(13:16):
to the grocery store and church andto all those places that are important to
them, and that gets limited becauseof physical decline. And so there really
isn't an age. But tell usuallywhen the mental starts going, that's usually
a time where they for their safetyand for the safety of others, that
you have that conversation. Twenty I'dsay fifteen twenty years ago, this might

(13:37):
have been a more difficult conversation tohave and have fewer solutions, certainly with
the ride share programs, with fooddeliveries and all. If you have the
money that has to help, doesn'tit It does help. But you got
to remember a lot of seniors onsixth incomes and so you know the part
of that that limited income is nowgoing towards transportation. But you know,

(14:00):
there are some programs that give discounts. There are some programs that provide free
transportation here and here in Houston,and so they're you know, luckily,
we're getting more conscious and more educatedabout this need that seniors have with transportation.
I know that like Lyft and Ubernow they because a lot of seniors

(14:22):
aren't really good with technology or theapps on their phone. So Uber and
Lyft now has like a main numberthat they can call and they and it's
not as much, but you know, there's stuff to pay a little bit.
Sure, I would love to seeone of these ride share companies go
ahead and come up with a programwhere for every say, for every five
or every ten rides they book,they hand a free ride to a doctor's

(14:48):
appointment to a senior. That wouldbe lovely. Oh my gosh. Yes,
we need to advocate for that,because that's just it's one. It's
a problem. You know, there'snot enough access or resources for this for
the seniors. And I would I'dpay a couple of extra bucks for that.
If I knew that I would doit was donating to somebody who desperately
needs a ride to the doctor onThursday afternoon, and my ride with that

(15:11):
company would help that person get there. I'd be all over that. I
wish our tax paid money can goto that. Yeah, that would be
great, that's a great idea.Uh. There's actually the Texas Silver Haired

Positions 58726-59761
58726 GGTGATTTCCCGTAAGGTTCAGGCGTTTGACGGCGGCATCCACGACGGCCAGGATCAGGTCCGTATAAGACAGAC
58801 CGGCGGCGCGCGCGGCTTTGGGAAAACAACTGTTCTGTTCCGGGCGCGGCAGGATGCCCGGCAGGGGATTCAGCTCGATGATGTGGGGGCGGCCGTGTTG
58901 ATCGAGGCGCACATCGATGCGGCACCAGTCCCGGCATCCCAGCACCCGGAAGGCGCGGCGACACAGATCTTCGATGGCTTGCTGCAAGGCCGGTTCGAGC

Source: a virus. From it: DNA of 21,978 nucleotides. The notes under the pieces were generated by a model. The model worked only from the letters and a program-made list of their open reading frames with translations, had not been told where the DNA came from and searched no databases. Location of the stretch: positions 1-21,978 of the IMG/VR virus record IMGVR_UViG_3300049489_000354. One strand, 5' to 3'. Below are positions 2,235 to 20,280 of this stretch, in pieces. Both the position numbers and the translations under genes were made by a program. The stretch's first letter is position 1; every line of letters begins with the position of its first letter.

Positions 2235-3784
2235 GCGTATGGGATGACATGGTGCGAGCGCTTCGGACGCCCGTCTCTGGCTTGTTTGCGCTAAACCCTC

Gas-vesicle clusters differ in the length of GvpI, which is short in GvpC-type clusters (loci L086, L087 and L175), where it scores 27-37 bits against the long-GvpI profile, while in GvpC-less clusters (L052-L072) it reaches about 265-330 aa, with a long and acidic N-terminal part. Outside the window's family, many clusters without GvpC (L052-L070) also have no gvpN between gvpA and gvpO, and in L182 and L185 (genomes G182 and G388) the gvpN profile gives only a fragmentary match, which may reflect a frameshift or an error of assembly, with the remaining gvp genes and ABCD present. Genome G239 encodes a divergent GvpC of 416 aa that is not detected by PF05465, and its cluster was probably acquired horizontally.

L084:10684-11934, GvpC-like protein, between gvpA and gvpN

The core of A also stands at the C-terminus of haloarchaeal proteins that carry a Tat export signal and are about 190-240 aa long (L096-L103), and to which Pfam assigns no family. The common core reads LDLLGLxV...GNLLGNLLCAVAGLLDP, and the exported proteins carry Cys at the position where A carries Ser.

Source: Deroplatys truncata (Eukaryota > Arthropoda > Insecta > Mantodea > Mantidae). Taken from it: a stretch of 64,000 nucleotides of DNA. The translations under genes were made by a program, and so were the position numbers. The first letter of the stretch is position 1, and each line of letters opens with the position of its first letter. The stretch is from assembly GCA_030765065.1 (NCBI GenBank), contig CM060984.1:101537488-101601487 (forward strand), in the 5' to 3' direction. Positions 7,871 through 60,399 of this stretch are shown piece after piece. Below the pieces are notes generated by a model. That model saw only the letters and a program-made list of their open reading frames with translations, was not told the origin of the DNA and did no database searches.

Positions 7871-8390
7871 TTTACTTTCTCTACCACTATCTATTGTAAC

Legislators and they lobby for older adultsand policies and needs of older adults,
and so they're definitely one area.You know, you can always call them
and say, hey, you know, we need more transportation in this area.

(15:35):
What can y'all do you to kindof advocate on in like a policy
level, you know, Yeah,talk about the impact on quality of life
too. For somebody who can't theycan't go visit their friends when they feel
like it, they can't go tothe grocery store when they feel like it.
They just can't do anything socially whenthey feel out like it without relying
on somebody else. Yeah, Sowhen you talk about, you know,

(15:58):
the impact the quality of life whensomeone loses or gains access, it's like
the difference between night and day theydrive. You know, to drive gives
you freedom and independence, and whenone loses that ability to drive or have
access to transportation, they really loseboth their independence and their freedom. And
so on the flip side of that, if they have access to transportation,
that opens the door to many opportunities. Recreation, socialization helps seniors feel less

(16:23):
isolated and alone, but it canalso the negative thing of not having access
to transportation is healthcare outcomes. Youknow, if they can't get to their
doctor's appointment, that could have avery negative impact on their ability to just
live from day to day. Soit creates challenges for them and also you
know, for their caregivers who aretrying to get them to their appointments,

(16:47):
and so it really it not onlyimpacts the senior but their family as well.
But it can have good It canhave good I guess impacts if they
have access to it, getive outcomesas well, which is kind of sad.
Doctor Angel Goin's on fifty plus.We are down to just seconds,
believe it or not. This one'sso fast. Talk about real quickly about

(17:07):
if somebody lives farther from the cityto how much more difficult it is for
them to find everything, find toride. Well. You know, in
rural areas there's typically the phone coverageout there is poor, and so trying